Anthony Cordesman may be the most influential man in Washington that most people have never heard of. A former director of intelligence assessment for the secretary of defense and director of policy and planning in the Department of Energy, he is now the top strategic guru at the Center for Strategic & International Studies.
Most serious politicians and journalists have for some years based their analyses of the Iraq war and its aftermath on his universally respected research. Cordesman is a facts man who likes and reveres good data and cool, clinical analysis as the keystones of policymaking.
He has now turned his laser-like research and forensic intelligence skills to studying the real implication of the endless diplomatic minuet at the United Nations over Iran’s nuclear ambitions. In the real world, this matters mainly because an Iranian nuclear capability would transform the power balance in the wider Middle East, and leave the region and the rest of us living under the constant prospect of a nuclear exchange between Iran and Israel.
This would mean, Cordesman suggests, some 16 million to 28 million Iranians dead within 21 days, and between 200,000 and 800,000 Israelis dead within the same time frame. The total of deaths beyond 21 days could rise very much higher, depending on civil defense and public health facilities, where Israel has a major advantage.
It is theoretically possible that the Israeli state, economy and organized society might just survive such an almost-mortal blow. Iran would not survive as an organized society. “Iranian recovery is not possible in the normal sense of the term,” Cordesman notes.
The difference in the death tolls is largely because Israel is believed to have more nuclear weapons of very much higher yield (some of 1 megaton), and Israel is deploying the Arrow advanced anti-missile system in addition to its Patriot batteries. Fewer Iranian weapons would get through.
The difference in yield matters. The biggest bomb that Iran is expected to have is 100 kilotons, which can inflict third-degree burns on exposed flesh at 8 miles; Israel’s 1-megaton bombs can inflict third-degree burns at 24 miles. Moreover, the radiation fallout from an airburst of such a 1-megaton bomb can kill unsheltered people at up to 80 miles within 18 hours as the radiation plume drifts. (Jordan, by the way, would suffer severe radiation damage from an Iranian strike on Tel Aviv.)
Cordesman assumes that Iran, with less than 30 nuclear warheads in the period after 2010, would aim for the main population centers of Tel Aviv and Haifa, while Israel would have more than 200 warheads and far better delivery systems, including cruise missiles launched from its 3 Dolphin-class submarines.
The assumption is that Israel would be going for Iran’s nuclear development centers in Tehran, Natanz, Ardekan, Saghand, Gashin, Bushehr, Aral, Isfahan and Lashkar A’bad. Israel would also likely target the main population centers of Tehran, Tabriz, Qazvin, Isfahan, Shiraz, Yazd, Kerman, Qom, Ahwaz and Kermanshah. Cordesman points out that the city of Tehran, with a population of 15 million in its metropolitan area, is “a topographic basin with mountain reflector. Nearly ideal nuclear killing ground.”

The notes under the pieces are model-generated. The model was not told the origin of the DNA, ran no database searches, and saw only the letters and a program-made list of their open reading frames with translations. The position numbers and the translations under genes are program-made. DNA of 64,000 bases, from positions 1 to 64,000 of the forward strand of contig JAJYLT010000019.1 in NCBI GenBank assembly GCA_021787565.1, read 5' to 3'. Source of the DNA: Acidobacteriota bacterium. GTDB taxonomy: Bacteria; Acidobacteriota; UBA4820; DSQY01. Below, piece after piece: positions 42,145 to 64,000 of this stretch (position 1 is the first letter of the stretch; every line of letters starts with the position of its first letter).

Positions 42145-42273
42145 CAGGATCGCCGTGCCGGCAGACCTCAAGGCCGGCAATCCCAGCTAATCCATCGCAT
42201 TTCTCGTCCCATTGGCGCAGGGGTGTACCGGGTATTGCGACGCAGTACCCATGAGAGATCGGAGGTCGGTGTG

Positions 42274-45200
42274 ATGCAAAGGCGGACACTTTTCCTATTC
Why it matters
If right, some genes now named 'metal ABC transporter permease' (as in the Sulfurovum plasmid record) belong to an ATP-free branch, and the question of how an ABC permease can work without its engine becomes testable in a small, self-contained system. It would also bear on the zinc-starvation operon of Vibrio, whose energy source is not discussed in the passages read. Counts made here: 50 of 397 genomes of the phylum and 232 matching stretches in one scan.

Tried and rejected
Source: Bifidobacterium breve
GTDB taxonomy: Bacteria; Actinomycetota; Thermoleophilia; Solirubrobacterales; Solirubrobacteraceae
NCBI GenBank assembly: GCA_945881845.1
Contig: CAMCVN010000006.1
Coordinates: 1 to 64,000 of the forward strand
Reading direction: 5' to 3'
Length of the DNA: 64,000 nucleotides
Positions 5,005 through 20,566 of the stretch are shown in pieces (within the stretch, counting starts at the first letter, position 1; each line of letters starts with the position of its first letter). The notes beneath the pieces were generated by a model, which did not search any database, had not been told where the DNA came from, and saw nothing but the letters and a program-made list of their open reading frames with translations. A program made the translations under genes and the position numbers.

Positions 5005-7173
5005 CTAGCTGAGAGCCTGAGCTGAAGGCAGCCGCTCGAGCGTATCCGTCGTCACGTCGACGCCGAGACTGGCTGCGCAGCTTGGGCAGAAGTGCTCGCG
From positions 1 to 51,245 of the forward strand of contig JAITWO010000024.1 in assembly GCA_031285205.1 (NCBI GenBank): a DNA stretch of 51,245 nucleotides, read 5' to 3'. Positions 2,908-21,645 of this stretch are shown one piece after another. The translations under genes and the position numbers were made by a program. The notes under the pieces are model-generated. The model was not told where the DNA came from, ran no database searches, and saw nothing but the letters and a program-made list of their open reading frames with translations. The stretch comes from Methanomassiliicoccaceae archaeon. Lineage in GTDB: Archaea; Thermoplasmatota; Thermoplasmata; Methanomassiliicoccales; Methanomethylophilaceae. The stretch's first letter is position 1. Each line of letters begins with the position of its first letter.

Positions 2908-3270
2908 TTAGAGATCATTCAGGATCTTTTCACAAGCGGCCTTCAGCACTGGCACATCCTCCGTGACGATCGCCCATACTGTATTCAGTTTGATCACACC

But it does not end there. Cordesman points out that Israel would need to keep a “reserve strike capability to ensure no other power can capitalize on Iranian strike.” This means Israel would have to target “key Arab neighbors” – in particular Syria and Egypt.
Cordesman notes that Israel would have various options, including a limited nuclear strike on the region mainly inhabited by the Alawite minority from which come the ruling Assad dynasty. A full-scale Israeli attack on Syria would kill up to 18 million people within 21 days; Syrian recovery would not be possible. A Syrian attack with all its reputed chemical and biological warfare assets could kill up to 800,000 Israelis, but Israeli society would recover.
An Israeli attack on Egypt would likely strike at the main population centers of Cairo, Alexandria, Damietta, Port Said, Suez, Luxor and Aswan. Cordesman does not give a death toll here, but it would certainly be in the tens of millions. It would also destroy the Suez Canal and almost certainly destroy the Aswan Dam, sending monstrous floods down the Nile to sweep away the glowing rubble. It would mean the end of Egypt as a functioning society.
Cordesman also lists the oilwells, refineries and ports along the Gulf that could also be targets in the event of a mass nuclear response by an Israel convinced that it was being dealt a potentially mortal blow. Being contained within the region, such a nuclear exchange might not be Armageddon for the human race; it would certainly be Armageddon for the global economy.
So in clear, concise and chillingly forensic style, Cordesman spells out that the real stakes in the crisis that is building over Iran’s nuclear ambitions would certainly include the end of Persian civilization, quite probably the end of Egyptian civilization, and the end of the Oil Age. This would also mean the end of globalization and the extraordinary accretions in world trade and growth and prosperity that are hauling hundreds of millions of Chinese and Indians and others out of poverty.
Cordesman concludes his chilling but dismayingly logical survey with the warning: “The only way to win is not to play.”